“There has never been a case of torture [at Guantanamo Bay],” Inhofe declared at Town Hall meeting in 2009. “The people there are treated better than in the federal prisons”

    He Thinks the West Bank Belongs to Israel because The Bible Says So

    From a Senate Floor Statement in 2002: “I believe very strongly that we ought to support Israel; that it has a right to the land. This is the most important reason: Because God said so. As I said a minute ago, look it up in the Book of Genesis. It is right up there on the desk. In Genesis 13:14–17, the Bible says: ‘The Lord said to Abraham, “Lift up now your eyes, and look from the place where you are northward, and southward, and eastward and westward: for all the land which you see, to you will I give it, and to your seed forever . . .. Arise, walk through the land in the length of it and in the breadth of it; for I will give it to thee.” That is God talking.’

    “The Bible says that Abraham removed his tent and came and dwelt in the plain of Mamre, which is in Hebron, and built there an altar before the Lord. Hebron is in the West Bank. It is at this place where God appeared to Abraham and said, “I am giving you this land — the West Bank”. This is not a political battle at all. It is a contest over whether or not the word of God is true.”

    That same year Inhofe suggested the 9/11 attacks were God’s retribution for the United States failing to adequately back Israel.

    He Thinks Judge David Hamilton is a Secret Muslim

    After being nominated to the federal bench by Obama, Inhofe explained, “Many remember David Hamilton because of his 2005 decision as a Federal district court judge presiding over the case Hinrichs v. Bosmah, in which he enjoined the Speaker of Indiana’s House of Representatives from permitting ‘sectarian’ prayers to be offered as part of that body’s official proceedings, meaning that the chaplain or whomever opened the proceedings with prayer could not invoke the name of Jesus Christ…Hamilton stated that invoking the name of ‘Allah’ would not advance a particular religion or disparage another. So, praying to Allah would be perfectly acceptable.”

    What Hamilton actually said was this: “The Speaker has also asked whether, for example, a Muslim imam may offer a prayer addressed to “Allah.” The Arabic word “Allah” is used for “God” in Arabic translations of Jewish and Christian scriptures. If those offering prayers in the Indiana House of Representatives choose to use the Arabic Allah, the Spanish Dios, the German Gott, the French Dieu, the Swedish Gud, the Greek Theos, the Hebrew Elohim, the Italian Dio, or any other language’s terms in addressing the God who is the focus of the non-sectarian prayers contemplated in Marsh v. Chambers, the court sees little risk that the choice of language would advance a particular religion or disparage others. If and when the prayer practices in the Indiana House of Representatives ever seem to be advancing Islam, an appropriate party can bring the problem to the attention of this or another court.”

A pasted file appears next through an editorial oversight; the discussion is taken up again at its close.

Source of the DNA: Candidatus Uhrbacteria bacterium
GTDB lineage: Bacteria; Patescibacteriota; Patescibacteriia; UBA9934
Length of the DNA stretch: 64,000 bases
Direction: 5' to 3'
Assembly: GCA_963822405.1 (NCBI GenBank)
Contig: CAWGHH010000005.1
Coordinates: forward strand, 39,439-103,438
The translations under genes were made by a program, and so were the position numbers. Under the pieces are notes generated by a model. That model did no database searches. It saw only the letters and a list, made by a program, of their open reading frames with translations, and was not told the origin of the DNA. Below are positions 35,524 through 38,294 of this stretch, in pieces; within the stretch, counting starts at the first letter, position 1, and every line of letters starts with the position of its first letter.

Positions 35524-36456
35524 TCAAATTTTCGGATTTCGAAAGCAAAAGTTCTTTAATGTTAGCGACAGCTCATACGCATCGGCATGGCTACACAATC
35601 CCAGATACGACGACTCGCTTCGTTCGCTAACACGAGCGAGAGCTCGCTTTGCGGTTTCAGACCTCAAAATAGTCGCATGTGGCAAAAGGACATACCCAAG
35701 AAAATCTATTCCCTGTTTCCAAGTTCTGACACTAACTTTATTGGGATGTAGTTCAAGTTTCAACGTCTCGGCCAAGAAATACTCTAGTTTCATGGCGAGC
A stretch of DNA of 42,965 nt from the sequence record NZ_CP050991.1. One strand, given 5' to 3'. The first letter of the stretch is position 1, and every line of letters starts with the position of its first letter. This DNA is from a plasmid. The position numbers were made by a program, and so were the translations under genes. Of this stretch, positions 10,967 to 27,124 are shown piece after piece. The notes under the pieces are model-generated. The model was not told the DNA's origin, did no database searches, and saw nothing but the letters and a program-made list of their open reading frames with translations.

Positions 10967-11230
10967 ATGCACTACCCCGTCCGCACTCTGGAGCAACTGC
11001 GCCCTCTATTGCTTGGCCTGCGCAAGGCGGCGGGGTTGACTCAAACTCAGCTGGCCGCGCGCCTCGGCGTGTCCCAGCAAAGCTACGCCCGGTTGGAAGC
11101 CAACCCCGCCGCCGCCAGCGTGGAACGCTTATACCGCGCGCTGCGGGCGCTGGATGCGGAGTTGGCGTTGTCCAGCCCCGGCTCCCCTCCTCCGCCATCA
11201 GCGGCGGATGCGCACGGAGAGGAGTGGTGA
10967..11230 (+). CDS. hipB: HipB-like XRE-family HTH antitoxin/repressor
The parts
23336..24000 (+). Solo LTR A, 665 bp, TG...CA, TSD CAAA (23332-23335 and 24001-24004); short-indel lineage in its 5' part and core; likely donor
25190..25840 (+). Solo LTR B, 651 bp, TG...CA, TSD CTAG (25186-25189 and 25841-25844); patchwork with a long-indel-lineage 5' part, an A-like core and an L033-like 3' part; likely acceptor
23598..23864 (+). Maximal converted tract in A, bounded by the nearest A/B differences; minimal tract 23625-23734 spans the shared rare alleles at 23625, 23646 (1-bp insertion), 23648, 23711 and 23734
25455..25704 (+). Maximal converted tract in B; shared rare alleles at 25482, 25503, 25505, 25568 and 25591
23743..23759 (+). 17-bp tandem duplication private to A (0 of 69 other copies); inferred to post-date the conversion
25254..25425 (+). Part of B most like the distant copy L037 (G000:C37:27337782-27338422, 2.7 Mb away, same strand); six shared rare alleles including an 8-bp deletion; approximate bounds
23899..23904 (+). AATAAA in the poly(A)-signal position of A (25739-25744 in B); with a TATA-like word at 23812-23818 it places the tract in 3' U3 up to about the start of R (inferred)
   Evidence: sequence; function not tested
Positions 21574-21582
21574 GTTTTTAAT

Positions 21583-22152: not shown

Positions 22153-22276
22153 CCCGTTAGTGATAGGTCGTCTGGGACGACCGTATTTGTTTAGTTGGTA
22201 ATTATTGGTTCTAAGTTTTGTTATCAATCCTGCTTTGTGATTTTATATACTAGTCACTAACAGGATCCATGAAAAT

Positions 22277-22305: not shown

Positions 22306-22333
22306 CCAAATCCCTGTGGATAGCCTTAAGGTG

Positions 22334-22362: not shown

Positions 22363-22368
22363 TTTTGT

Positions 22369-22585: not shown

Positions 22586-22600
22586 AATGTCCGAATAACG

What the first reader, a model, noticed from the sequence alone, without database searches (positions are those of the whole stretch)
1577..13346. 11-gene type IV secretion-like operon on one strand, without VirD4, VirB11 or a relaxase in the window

He Thinks America’s Reaction to the Libyan Embassy Attack Appeased Muslims

    He was completely pissed over Hilary Clinton’s boring speeches about how, “we have to respect the Muslims.” “The mindset in the Middle East doesn’t respond to appeasement,” Inhofe explained. “They only know strength and conflict.”

    He Supports Profiling Because “Probably 90 Percent” of Terrorists are Muslims

    From a Senate Armed Forces Committee hearing on the Fort Hood Shooting: “I’m, for one — I know it’s not politically correct to say it — I believe in racial and ethnic profiling. I think if you’re looking at people getting on an airplane and you have X amount of resources to get into it, you get at the targets, and not my wife. And I just think it’s something that should be looked into. The statement that’s made, it’s probably 90 percent true with some exceptions like the Murrah federal office building in my state, Oklahoma. Those people, they were not Muslims, they were not Middle Easterners. But when you hear that not all Middle Easterners or Muslims between the age of 20 and 35 are terrorists, but all terrorists are Muslims or Middle Easterners between the age of 20 and 35, that’s by and large true.”

    Inhofe’s anti-Muslim bias should be a teachable moment for those skeptical about America’s drone use. While many drone critics focus on issues of privacy, transparency, and legality, they often neglect to strongly identify the biggest problem with the devices: they are being used, by our government, as instruments of war and killing a great number of people. In an essay criticizing this incomplete critique, the journalist Madiha Tahir writes, “The only question here is how many ‘civilians’ versus ‘militants’ are killed; that is, if we could just get the calculus right, there would be no further ethical or political questions. Such a position merely calls for the legalization of an illegal war. It is a sensibility of rules without a sense of principle. Rather than questioning from where we have come and where we are going, it simply asks that the trains run on time.”

    “Federal policies and legislation relating to unmanned systems are still in its infancy and concerns of the platforms need to be addressed,” says Inhofe.

    If any of those concerns involve a multitude of dead Muslim civilians, do you really think he will take them to the drone industry?